As I listened to House Budget Committee Chairman Paul Ryan describe his latest budget plan in a speech at the American Enterprise Institute this week, I couldn't help thinking how different things will be in Britain when Chancellor of the Exchequer George Osborne steps out of No. 11 Downing St. with a battered red briefcase holding his budget for the forthcoming year.
Ryan's budget will almost surely be passed by the House of Representatives, all but four of whose Republican members voted for his budget last year. But it will not pass in the Senate, whose Democratic majority in defiance of legal requirements did not produce a budget for the last two years and is poised to not pass one again this year.
Britain's parliamentary system works differently. The majority coalition of Conservatives and Liberal Democrats will pass Osborne's budget in the House of Commons. It will be approved perfunctorily by the House of Lords, and it will certainly not be vetoed by the Queen.
But Ryan's initiative has moved us some distance toward what is in effect a parliamentary system and could move us much farther along that trajectory if the elections go the Republicans' way in November.
By proposing budgets that cut tax rates, require future changes in Medicare, maintain current defense spending rather than cutting it and rein in discretionary domestic spending, Ryan has supposedly gone out on a dangerous limb.
And his fellow House Republicans, elected in a year of protest against huge increases in government spending and deficits, have been willing to go with him.
Ryan is arguing that we are on an unsustainable course that will lead inevitably to a debt crisis requiring far more painful adjustments than anything he is proposing. He notes that the Congressional Budget Office cannot even model the economy past 2027 because of looming debt. Think Greece.
His Senate counterpart, Democratic Budget Chairman Kent Conrad, tends to agree. But he's been blocked from offering a budget by Harry Reid, Charles Schumer and others with their eyes always on the next election.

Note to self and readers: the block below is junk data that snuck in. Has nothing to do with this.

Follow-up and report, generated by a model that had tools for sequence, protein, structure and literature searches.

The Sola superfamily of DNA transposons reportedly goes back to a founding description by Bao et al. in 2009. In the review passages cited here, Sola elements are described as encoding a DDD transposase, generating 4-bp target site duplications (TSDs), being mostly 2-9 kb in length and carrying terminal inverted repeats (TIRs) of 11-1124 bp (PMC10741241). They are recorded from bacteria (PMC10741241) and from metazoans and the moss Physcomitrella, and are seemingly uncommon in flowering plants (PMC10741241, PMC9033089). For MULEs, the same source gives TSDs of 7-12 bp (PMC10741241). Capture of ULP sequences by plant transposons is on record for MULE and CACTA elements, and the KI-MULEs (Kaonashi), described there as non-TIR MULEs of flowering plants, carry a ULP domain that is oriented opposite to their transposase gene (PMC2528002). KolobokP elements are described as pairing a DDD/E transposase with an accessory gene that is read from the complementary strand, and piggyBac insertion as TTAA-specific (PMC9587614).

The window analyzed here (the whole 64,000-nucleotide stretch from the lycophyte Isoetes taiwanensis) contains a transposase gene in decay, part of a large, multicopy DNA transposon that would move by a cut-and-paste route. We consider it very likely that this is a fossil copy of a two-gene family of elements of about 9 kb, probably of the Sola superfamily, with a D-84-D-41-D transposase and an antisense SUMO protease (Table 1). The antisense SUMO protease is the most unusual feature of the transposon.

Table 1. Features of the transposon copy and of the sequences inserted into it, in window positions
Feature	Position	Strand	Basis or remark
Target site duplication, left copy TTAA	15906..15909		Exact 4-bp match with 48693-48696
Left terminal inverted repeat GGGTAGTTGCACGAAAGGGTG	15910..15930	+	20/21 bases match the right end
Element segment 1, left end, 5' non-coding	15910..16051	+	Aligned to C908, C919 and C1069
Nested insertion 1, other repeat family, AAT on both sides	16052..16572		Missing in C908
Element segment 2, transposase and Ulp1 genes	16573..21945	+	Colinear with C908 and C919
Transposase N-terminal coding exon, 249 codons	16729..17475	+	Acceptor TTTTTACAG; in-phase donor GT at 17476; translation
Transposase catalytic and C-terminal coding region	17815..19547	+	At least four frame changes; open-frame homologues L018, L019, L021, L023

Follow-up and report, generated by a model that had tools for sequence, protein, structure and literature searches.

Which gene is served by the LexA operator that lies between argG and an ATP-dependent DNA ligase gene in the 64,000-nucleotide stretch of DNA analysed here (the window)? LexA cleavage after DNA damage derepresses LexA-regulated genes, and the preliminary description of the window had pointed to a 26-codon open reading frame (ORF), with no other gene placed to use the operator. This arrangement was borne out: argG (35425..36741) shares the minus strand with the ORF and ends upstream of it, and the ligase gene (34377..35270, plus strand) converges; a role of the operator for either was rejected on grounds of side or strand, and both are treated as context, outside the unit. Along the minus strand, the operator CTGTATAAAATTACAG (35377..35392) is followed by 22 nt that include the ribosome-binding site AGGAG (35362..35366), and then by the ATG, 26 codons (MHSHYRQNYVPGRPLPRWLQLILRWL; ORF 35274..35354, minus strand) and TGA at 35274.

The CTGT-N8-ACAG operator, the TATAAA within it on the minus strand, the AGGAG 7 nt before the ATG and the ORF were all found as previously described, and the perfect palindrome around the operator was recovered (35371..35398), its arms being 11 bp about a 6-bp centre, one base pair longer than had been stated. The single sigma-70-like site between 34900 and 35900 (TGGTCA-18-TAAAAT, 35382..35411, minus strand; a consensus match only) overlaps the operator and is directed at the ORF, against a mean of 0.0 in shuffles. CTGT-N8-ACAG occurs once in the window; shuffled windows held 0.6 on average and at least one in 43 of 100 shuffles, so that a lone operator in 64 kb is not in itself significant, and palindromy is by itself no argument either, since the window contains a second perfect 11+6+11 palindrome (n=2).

Ryan points out that his proposal to move Medicare toward a premium support system, with market competition between private insurance firms and an option to choose the current fee-for-service system, has been supported in various forms by Democrats -- Oregon Sen. Ron Wyden, Clinton budget director Alice Rivlin, former Sen. John Breaux.
The raw material is there, this suggests, for bipartisan majorities for reform -- if the president goes along.
Barack Obama, by ignoring the Simpson-Bowles commission and spiking (as a recent Washington Post article detailed) a "grand bargain" on taxes and entitlements last summer, has made it clear he is not such a president.
The Republican presidential candidates seem more amenable. Their fiscal and budget proposals have been somewhat sketchy, and their numbers may not add up. But they are also talking about Medicare reforms and changes in the tax code that would broaden the base and cut rates.
Mitt Romney in particular seems to be deferring to Ryan. He has modified his 59-point economic program with pledges to seek tax and entitlement reform. Ryan was scheduled to meet with him yesterday after his AEI speech.
Romney would be wise to listen. Ryan knows far more about the budget than any of the presidential candidates. He combines deep policy knowledge with sure political instincts -- a combination rare in politicians, especially Republicans.
If Romney is elected and Republicans win a majority in the Senate and hold their majority in the House, it seems possible that Ryan more than the new president would seize the initiative on tax and entitlement policy.
He could be the effective equivalent of a chancellor of the exchequer, as Osborne is for David Cameron and Gordon Brown was for Tony Blair, driving budget and economic policy.
The conventional political wisdom is that Ryan's budget is politically suicidal. But conventional wisdom also held that voters would like the stimulus package and come to like Obamacare. Neither has happened.
Republicans' standing in generic House vote polls did not slump when Ryan's budget passed last year. Right now, it's about the same as at this point in the 2010 election cycle.
Maybe, just maybe, voters will reward politicians who tackle looming problems rather than those, like Obama, who keep kicking the can down the road.